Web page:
From Trones Wood the Battalion took up position at Waterlot Farm. The farm was in reality a sugar refinery, simply called a farm to distinguish it from the drab buildings on the Guillemont-Longueval road.
Successive artillery bombardments had reduced the structure of the buildings into heaps of rubble that the Germans had transformed into a defensive strong-point of their main second position.
“The heavy German shelling caused as many casualties as the Cheshire Bantams had lost on the previous day. A shell scored a direct hit on Battalion HQ killing the occupants; RSM Giles, a 26yr old Londoner, Lieutenant A C Styles, an Orderly Room Sergeant, and also severely wounding Adjutant, Captain Charles Johnson. Amongst those killed was Lieutenant Alfred Cornwall Styles, the Battalion signalling officer who had a great love of felines and who was lying on his back asleep with a cat on his chest. The shell-burst riddled Styles with shrapnel killing him instantly, miraculously the cat escaped unhurt and was adopted as a regimental mascot.”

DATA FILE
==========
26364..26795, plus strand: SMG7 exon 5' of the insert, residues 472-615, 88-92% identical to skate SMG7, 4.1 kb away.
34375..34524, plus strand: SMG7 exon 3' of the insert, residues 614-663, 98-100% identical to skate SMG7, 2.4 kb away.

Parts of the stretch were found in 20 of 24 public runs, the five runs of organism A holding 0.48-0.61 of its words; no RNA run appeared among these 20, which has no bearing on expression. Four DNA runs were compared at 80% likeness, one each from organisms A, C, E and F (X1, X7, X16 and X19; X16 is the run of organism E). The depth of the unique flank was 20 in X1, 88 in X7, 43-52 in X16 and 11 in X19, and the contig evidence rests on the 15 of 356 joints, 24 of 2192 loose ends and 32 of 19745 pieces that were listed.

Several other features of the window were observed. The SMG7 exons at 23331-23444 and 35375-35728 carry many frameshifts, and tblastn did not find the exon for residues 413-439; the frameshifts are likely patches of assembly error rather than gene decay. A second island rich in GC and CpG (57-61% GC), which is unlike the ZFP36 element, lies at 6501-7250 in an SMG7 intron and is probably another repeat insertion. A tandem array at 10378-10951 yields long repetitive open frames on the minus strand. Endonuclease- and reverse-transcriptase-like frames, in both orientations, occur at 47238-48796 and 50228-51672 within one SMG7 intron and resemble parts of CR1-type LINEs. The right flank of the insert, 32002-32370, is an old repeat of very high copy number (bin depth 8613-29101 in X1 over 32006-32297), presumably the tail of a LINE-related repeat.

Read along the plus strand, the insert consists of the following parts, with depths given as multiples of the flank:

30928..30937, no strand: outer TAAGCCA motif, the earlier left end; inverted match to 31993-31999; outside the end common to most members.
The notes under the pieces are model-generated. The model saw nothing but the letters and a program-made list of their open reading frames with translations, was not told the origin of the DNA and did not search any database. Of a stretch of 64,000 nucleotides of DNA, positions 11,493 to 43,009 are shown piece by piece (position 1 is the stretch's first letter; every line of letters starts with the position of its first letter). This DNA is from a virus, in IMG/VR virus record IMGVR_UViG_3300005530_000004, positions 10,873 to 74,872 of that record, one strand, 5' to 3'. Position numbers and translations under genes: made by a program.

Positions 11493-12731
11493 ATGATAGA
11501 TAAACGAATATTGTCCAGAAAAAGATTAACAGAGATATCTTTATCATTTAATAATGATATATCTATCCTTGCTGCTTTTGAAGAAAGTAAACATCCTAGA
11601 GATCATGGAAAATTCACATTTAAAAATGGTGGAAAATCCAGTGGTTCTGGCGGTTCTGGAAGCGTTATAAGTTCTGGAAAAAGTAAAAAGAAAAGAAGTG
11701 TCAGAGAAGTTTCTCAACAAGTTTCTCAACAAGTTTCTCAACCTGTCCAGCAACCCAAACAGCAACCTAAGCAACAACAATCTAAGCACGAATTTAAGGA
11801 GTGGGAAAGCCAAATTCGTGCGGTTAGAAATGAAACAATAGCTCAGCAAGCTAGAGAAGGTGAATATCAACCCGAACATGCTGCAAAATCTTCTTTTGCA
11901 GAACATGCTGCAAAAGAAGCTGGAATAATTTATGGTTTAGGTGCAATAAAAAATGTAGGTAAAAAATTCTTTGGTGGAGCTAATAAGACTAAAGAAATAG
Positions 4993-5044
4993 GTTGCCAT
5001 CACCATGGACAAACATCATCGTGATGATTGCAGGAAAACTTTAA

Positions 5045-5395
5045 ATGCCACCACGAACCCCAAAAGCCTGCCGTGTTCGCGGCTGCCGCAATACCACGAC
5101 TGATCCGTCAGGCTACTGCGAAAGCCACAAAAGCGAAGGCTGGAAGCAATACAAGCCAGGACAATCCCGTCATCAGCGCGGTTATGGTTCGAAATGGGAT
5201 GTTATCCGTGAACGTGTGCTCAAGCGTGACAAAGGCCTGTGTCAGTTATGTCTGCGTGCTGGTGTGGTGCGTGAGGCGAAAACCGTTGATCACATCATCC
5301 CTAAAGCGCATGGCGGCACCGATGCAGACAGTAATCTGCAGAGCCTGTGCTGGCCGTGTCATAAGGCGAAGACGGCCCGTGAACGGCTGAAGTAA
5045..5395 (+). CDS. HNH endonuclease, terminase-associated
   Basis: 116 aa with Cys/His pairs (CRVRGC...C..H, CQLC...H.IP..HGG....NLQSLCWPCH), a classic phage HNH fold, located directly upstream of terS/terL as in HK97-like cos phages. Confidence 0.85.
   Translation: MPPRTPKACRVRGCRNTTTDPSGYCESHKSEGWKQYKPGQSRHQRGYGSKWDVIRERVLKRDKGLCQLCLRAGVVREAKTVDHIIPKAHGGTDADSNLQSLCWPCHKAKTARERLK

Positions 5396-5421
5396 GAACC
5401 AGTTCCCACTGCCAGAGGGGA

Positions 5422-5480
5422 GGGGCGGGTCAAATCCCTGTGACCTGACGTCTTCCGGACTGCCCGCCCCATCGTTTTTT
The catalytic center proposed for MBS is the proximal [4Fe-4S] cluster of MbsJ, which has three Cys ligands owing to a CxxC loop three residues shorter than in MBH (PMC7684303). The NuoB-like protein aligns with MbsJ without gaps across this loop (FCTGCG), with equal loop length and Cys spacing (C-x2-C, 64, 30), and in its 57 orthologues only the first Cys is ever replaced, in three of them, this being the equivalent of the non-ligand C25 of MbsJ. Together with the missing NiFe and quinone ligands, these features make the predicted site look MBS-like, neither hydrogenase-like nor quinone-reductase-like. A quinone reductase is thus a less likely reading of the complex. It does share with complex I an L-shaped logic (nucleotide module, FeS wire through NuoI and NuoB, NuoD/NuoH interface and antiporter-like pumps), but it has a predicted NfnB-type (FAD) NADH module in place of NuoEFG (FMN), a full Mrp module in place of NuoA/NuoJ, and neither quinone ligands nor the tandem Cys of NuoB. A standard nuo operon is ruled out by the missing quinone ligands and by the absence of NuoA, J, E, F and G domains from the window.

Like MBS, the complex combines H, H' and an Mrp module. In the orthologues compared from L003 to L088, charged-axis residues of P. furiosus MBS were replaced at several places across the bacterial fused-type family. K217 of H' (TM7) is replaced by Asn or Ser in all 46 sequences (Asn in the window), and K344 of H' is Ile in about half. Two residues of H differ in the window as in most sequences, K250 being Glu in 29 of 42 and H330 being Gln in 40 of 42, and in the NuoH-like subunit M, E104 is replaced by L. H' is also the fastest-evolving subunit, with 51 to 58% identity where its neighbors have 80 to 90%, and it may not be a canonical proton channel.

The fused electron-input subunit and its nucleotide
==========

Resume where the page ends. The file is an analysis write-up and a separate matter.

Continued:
– The Cheshire Bantams by Stephen McGreal.